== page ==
|Year : 2019 | Volume
| Issue : 3 | Page : 596-603
Prognostic value of response assessment fluorodeoxyglucose positron emission tomography-computed tomography scan in radically treated squamous cell carcinoma of head and neck: Long-term results of a prospective study
Sarbani Ghosh-Laskar1, Naveen Mummudi1, Venkatesh Rangarajan2, Nilendu Purandare2, Tejpal Gupta1, Ashwini Budrukkar1, Vedang Murthy1, Jai Prakash Agarwal1
1 Department of Radiation Oncology, Tata Memorial Hospital, Mumbai, Maharashtra, India
2 Department of Bio-Imaging, Tata Memorial Hospital, Mumbai, Maharashtra, India
|Date of Web Publication||29-May-2019|
Dr. Sarbani Ghosh-Laskar
Department of Radiation Oncology, Tata Memorial Hospital, Dr. E Borges Road, Parel, Mumbai, Maharashtra
Source of Support: None, Conflict of Interest: None
Objective: The objective of this study is to evaluate the diagnostic and prognostic ability of fluorodeoxyglucose positron emission tomography-computed tomography (FDG PET-CT) scan in patients with squamous cell carcinoma of the head and neck treated with chemoradiotherapy or radiotherapy only.
Materials and Methods: Fifty-nine patients with HNSCC planned for radical nonsurgical treatment were randomized to receive either three-dimensional conformal radiotherapy or intensity-modulated radiation therapy. In addition to routine clinical examination and staging investigations, patients had a FDG PET-CT scan at baseline and on the first follow-up for response assessment. No evidence of clinicopathological disease for at least 6 months after the completion of treatment was considered confirmation of complete response. The presence or absence of disease during the follow-up period was used to calculate the sensitivity, specificity, positive predictive value (PPV), and negative predictive value (NPV) of PET-CT for the primary site and node.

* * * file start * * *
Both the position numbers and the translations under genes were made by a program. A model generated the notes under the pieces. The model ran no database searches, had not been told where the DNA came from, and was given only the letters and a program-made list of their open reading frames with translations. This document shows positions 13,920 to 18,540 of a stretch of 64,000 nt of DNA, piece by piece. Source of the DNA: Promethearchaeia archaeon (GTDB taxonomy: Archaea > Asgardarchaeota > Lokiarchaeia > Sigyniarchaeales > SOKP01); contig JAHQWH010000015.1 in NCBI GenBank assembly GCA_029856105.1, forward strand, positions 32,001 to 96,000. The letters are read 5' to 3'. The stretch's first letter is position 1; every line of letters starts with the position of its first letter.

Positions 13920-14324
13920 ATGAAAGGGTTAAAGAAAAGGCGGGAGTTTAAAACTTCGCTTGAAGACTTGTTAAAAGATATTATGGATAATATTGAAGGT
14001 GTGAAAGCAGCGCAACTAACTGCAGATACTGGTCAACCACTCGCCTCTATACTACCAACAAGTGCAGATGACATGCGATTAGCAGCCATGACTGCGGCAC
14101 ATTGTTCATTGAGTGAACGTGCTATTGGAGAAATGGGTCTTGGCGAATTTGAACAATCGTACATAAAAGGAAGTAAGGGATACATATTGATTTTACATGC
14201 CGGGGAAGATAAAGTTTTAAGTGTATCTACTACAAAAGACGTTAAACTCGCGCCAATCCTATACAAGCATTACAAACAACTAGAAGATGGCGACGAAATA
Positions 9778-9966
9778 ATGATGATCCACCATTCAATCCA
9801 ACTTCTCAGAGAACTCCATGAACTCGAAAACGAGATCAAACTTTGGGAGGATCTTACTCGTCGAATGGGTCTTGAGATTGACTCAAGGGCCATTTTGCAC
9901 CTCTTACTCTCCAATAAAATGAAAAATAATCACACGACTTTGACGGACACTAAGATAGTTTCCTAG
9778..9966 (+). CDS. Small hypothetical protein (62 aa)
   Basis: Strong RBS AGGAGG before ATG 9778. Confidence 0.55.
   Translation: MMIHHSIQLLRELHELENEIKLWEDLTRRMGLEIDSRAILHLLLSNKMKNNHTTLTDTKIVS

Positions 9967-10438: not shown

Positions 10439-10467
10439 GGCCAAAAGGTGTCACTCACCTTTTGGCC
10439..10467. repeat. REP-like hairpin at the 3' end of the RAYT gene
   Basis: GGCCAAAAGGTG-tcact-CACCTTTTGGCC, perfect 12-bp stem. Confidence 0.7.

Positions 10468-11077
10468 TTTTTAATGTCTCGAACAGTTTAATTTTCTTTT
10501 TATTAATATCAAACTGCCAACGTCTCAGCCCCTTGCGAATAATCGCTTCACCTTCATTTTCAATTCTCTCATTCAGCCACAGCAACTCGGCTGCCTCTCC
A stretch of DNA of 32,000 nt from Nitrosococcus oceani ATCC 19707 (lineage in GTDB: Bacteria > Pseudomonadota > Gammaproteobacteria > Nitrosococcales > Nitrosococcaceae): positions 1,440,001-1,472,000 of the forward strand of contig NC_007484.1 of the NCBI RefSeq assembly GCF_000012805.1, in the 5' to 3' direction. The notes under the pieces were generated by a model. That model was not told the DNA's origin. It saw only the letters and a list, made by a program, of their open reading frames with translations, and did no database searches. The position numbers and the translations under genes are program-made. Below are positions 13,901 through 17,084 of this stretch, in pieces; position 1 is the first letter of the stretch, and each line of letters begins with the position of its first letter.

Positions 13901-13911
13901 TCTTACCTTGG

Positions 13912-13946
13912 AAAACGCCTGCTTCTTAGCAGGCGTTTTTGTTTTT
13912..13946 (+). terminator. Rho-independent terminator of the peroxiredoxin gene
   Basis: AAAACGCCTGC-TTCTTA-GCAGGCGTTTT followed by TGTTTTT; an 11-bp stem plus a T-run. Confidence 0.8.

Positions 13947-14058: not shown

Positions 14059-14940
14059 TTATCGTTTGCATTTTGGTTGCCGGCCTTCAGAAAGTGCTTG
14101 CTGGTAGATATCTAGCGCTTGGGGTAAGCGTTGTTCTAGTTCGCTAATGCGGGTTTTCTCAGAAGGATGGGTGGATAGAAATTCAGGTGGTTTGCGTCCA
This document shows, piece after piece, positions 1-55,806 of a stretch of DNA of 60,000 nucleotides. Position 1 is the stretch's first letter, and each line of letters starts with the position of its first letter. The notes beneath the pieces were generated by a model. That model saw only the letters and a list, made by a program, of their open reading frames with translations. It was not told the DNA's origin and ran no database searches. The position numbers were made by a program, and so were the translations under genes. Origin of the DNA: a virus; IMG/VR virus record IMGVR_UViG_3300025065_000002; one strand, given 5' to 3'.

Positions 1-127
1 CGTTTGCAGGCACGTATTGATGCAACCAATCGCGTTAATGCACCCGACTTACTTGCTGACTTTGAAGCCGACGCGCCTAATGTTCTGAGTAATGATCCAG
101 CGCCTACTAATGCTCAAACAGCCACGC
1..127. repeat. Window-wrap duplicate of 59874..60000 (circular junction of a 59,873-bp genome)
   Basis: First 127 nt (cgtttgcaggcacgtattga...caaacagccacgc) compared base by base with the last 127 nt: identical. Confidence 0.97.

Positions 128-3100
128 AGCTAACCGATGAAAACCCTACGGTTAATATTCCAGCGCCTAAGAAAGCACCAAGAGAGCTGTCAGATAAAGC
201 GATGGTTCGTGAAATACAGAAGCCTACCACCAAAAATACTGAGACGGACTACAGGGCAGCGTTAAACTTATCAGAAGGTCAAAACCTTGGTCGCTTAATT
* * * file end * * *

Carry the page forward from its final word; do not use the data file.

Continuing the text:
Results: At a median follow-up of 52.5 months, 55.6% of patients were alive and disease free. Response assessment PET-CT was done at a median of 9 weeks (range: 5–18 weeks). PET-CT assessment of the primary had sensitivity, specificity, PPV, and NPV of 81.8%, 93%, 75%, and 95.2%, respectively; the corresponding figures at the node were 44.4%, 95.6%, 66.7%, and 89.6%. The median baseline maximum standardized uptake value (SUVmax) at primary and node was 14.9 and 8.1, respectively. When PET-CT was done after 10 weeks, no false-positive or false-negative findings were seen. Patients with negative PET at the first follow-up had a significantly better progression-free and overall survival.
Conclusions: Disease evaluation using PET-CT has an overall accuracy of 80%. High baseline SUVmax correlates with worse clinical outcomes. Negative PET-CT at the first follow-up is a predictor for survival.
Keywords: Fluorodeoxyglucose positron emission tomography-computed tomography, head and neck cancer, squamous cell carcinoma, treatment response
|How to cite this article:|
Ghosh-Laskar S, Mummudi N, Rangarajan V, Purandare N, Gupta T, Budrukkar A, Murthy V, Agarwal JP. Prognostic value of response assessment fluorodeoxyglucose positron emission tomography-computed tomography scan in radically treated squamous cell carcinoma of head and neck: Long-term results of a prospective study. J Can Res Ther 2019;15:596-603
|How to cite this URL:|
Ghosh-Laskar S, Mummudi N, Rangarajan V, Purandare N, Gupta T, Budrukkar A, Murthy V, Agarwal JP. Prognostic value of response assessment fluorodeoxyglucose positron emission tomography-computed tomography scan in radically treated squamous cell carcinoma of head and neck: Long-term results of a prospective study. J Can Res Ther [serial online] 2019 [cited 2020 Jul 13];15:596-603. Available from: http://www.cancerjournal.net/text.asp?2019/15/3/596/244466
| > Introduction|| |
Squamous cell carcinoma of the Head and neck (HNSCC) is the sixth most common malignancy worldwide, accounting for nearly 600,000 new patients annually. Patients with HNSCC have been treated traditionally with a combination of surgery, radiation, and chemotherapy. Radiation therapy has been the mainstay of treatment in patients with locally advanced head and neck cancer and as a stand-alone modality is known to result in local control rates of 50%–70%., The addition of chemotherapy to radiation therapy and altered fractionation schedules has improved the outlook in nonmetastatic HNSCC conferring a survival benefit of 4%–7%.,